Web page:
Rudolph Giuliani didn’t hide the fact that he was investigating whether Ukraine interfered in the 2016 U.S. presidential race. Yet most media have treated Giuliani’s efforts as sneaky and suspect because he acted at the personal behest of the president and not as an official representative of the bureaucracy. The New York Times, for example, claimed Giuliani was conducting “a shadow foreign policy campaign.”
In fact, presidents since George Washington have turned to individuals without formal government positions to pursue foreign policy interests and objectives. Private citizens, often acting as special envoys, have helped negotiate issues ranging from trade to war. While critics deride such efforts as “back-door,” “secret,” or “shadow” undertakings, many presidents have found it useful to dispatch people they trust, who can think and operate outside the constraints of official channels in handling delicate matters.
Personal envoys who aren’t official diplomats have always rankled the State Department, which sees itself as holding a monopoly on forming foreign policy and negotiating to secure American interests (even if its workings aren't completely transparent, as with Secretary of State Hillary Clinton's private email setup, to take a recent notable example). Foggy Bottom doesn’t view its role as simply fulfilling the president’s druthers, which can be frustrating for a president. So it’s no surprise that President Trump might feel the need to do an end-run around State, a department he trusts perhaps even less than it trusts him.
Giuliani’s freelancing has been characterized by many Republicans as an effort to get at the truth. Democrats and most media describe his actions differently – as “unlawfully wielding political influence,” a blatant conflict of multiple interests, representing not only the president but also “clients with cases to plead before the Justice Department.”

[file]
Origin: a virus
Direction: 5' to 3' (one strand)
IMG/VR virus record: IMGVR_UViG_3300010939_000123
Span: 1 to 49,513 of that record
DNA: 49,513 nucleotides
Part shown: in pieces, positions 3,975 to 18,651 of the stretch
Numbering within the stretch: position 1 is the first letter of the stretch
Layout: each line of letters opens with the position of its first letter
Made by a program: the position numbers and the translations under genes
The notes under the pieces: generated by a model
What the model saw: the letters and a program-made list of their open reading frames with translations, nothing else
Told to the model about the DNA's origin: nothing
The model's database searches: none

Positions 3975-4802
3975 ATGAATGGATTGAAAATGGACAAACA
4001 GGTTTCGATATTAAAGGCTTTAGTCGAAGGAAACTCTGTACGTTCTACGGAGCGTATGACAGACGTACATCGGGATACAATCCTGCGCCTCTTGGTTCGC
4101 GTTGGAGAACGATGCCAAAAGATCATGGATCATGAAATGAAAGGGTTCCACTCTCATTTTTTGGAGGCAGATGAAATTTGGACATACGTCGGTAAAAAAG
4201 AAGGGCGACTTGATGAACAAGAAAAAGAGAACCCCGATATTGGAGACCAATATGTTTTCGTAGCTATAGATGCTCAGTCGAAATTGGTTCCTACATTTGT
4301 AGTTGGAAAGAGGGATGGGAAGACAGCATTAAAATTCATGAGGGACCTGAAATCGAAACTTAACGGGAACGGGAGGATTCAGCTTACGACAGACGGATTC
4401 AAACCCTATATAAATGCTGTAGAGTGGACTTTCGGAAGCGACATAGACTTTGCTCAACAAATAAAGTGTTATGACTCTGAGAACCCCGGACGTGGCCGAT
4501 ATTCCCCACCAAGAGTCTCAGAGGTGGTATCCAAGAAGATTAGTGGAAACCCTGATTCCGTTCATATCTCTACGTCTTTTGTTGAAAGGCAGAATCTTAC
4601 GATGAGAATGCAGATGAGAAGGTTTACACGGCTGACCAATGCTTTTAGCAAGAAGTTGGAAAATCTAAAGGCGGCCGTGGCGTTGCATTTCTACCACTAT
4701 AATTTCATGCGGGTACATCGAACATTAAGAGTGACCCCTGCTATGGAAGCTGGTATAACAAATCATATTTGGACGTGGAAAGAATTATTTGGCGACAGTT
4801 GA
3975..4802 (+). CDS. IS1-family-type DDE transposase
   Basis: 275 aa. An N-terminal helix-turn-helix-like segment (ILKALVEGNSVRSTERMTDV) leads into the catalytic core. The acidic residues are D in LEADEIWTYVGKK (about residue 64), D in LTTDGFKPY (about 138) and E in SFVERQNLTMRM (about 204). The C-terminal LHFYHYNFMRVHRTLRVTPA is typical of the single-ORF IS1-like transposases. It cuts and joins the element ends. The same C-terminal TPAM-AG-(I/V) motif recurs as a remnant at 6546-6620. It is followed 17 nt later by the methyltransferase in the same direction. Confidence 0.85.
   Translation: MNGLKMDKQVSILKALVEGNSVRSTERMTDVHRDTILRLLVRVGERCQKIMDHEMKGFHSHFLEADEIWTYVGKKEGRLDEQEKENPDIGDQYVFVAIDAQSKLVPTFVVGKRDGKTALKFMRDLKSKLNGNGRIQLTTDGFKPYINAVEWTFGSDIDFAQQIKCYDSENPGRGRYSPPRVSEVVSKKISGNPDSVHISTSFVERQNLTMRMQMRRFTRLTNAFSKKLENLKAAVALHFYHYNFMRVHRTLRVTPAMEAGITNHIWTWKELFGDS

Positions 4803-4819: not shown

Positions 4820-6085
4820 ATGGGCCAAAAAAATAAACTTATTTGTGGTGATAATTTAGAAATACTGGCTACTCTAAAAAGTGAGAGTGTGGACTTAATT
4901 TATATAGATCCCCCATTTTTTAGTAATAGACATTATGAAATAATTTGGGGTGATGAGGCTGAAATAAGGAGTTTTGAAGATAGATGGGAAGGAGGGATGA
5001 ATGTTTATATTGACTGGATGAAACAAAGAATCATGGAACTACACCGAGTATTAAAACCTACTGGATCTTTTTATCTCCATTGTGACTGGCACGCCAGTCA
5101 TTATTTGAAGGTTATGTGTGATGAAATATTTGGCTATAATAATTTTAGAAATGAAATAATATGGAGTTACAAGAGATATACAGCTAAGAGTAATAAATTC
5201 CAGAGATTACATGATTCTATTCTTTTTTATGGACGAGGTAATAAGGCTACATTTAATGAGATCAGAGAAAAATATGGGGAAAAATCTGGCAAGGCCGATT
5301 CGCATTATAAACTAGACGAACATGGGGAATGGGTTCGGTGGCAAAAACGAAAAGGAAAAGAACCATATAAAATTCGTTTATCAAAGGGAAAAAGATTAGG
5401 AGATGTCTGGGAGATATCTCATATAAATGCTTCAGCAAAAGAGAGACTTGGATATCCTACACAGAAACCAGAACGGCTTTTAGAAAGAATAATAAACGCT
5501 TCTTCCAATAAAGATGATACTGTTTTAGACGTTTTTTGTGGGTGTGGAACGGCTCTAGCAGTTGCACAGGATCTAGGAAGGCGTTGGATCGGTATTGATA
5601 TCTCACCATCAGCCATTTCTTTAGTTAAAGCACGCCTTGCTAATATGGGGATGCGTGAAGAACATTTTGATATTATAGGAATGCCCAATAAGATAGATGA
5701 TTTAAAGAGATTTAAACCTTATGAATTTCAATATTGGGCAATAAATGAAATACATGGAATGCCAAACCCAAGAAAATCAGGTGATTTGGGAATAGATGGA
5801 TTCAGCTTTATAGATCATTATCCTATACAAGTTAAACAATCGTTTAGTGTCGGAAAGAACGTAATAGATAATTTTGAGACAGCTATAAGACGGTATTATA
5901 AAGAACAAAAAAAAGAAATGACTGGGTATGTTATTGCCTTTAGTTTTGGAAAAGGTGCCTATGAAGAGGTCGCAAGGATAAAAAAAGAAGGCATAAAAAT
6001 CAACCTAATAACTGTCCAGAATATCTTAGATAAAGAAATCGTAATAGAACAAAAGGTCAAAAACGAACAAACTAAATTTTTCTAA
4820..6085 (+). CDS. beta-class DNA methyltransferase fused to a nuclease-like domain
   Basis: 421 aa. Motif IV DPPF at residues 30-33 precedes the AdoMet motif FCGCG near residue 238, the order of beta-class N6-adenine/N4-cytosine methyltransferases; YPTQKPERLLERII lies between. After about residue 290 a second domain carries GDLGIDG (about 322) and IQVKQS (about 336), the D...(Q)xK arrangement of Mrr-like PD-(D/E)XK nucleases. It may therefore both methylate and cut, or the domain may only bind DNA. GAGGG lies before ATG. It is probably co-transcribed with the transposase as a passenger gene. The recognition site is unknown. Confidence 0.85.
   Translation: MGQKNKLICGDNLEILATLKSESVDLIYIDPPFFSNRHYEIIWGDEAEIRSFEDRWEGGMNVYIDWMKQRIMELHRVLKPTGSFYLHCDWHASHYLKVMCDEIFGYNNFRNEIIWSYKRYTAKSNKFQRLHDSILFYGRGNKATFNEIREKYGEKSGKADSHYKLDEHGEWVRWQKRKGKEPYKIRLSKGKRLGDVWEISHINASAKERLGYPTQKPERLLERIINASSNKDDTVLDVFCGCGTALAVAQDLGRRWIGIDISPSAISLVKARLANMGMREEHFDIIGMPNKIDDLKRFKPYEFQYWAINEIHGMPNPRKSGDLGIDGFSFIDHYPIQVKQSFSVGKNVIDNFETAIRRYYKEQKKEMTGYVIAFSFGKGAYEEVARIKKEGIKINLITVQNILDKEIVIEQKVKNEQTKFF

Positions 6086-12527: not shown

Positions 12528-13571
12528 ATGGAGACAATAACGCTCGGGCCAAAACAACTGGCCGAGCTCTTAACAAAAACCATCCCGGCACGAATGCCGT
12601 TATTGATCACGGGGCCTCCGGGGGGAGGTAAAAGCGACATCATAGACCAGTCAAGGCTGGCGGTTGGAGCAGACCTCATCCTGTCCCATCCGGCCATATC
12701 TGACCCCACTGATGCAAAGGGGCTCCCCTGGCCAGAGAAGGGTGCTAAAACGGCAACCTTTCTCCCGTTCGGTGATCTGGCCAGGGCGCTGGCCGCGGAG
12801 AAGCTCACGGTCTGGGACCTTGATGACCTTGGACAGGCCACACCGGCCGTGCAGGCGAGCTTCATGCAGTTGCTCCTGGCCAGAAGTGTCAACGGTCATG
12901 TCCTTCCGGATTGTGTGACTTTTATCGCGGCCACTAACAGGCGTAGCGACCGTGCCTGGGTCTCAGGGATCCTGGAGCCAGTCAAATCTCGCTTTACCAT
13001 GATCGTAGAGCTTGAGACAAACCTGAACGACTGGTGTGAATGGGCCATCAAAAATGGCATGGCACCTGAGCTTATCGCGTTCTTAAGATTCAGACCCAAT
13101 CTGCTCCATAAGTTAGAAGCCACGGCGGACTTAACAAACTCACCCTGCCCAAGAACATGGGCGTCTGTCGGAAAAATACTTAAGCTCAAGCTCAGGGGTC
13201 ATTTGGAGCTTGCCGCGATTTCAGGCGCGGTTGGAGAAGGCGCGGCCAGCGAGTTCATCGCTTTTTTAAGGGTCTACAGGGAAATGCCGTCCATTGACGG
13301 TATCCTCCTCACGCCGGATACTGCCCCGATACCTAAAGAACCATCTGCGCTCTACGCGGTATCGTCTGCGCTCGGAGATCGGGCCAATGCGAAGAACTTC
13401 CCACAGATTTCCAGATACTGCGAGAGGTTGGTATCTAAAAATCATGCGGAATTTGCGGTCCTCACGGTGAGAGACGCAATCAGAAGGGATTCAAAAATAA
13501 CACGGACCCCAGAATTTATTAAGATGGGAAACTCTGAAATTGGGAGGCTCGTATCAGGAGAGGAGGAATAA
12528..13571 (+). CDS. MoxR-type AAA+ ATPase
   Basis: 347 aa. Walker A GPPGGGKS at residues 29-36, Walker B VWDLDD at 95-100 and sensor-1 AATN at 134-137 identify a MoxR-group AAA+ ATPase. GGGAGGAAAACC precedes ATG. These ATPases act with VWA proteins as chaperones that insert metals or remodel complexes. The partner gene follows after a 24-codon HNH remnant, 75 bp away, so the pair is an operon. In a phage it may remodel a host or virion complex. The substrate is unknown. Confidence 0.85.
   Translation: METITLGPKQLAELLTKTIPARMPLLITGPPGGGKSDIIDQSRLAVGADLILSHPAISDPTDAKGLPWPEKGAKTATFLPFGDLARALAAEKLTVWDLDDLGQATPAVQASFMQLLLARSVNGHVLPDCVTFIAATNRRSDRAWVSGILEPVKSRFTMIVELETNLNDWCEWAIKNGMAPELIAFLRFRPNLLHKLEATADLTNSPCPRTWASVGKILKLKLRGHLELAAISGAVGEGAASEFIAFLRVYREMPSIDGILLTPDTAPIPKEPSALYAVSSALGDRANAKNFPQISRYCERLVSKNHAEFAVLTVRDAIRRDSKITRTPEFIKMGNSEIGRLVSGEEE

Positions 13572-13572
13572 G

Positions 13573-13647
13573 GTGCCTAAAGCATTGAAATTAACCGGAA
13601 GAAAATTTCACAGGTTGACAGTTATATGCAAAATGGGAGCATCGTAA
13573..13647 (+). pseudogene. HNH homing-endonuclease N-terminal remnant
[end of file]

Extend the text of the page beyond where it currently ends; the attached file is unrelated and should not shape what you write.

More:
Whether such conflicts are unlawful will perhaps be sorted out. But potential conflicts are a standard hazard of freelance diplomacy. An example that is both typical and extreme: In February 1978, President Carter sent not just a private envoy to Cuba but one who had significant personal business interests in normalizing relations between Washington and Havana. The unofficial diplomat was Carter’s old Georgia friend and booster, J. Paul Austin, the CEO of Coca-Cola.
According to “Back Channel to Cuba” by William LeoGrande and Peter Kornbluh, Austin had already been to Havana in the summer of 1977 where he “met with Fidel Castro to discuss the possibility of opening a Coca-Cola bottling plant in Cuba” – a literal instance of what was jokingly called “Coca-Cola diplomacy.”
Carter used Austin in part because official government entities were busy trying to further their own policy agendas instead of promoting the president’s goals. “I asked Paul to go down as my emissary,” Carter said to LeoGrande and Kornbluh. “I felt that this would be a good way for me to have a direct assessment of what Castro’s commitment was.”
Austin overdid it. He proposed to Castro not only a summit in the United States but that the Cuban dictator come join the Carters for Christmas in Plains. A Carter-Castro Christmas never came off, and the affair left official officials rolling their eyes. “It was a good lesson not to rely on non-professionally trained people to conduct private negotiations,” recounted Carter’s national security adviser, Zbigniew Brzezinski, “because there was a real disconnect between what the guy was sent to talk about and what he came back with.”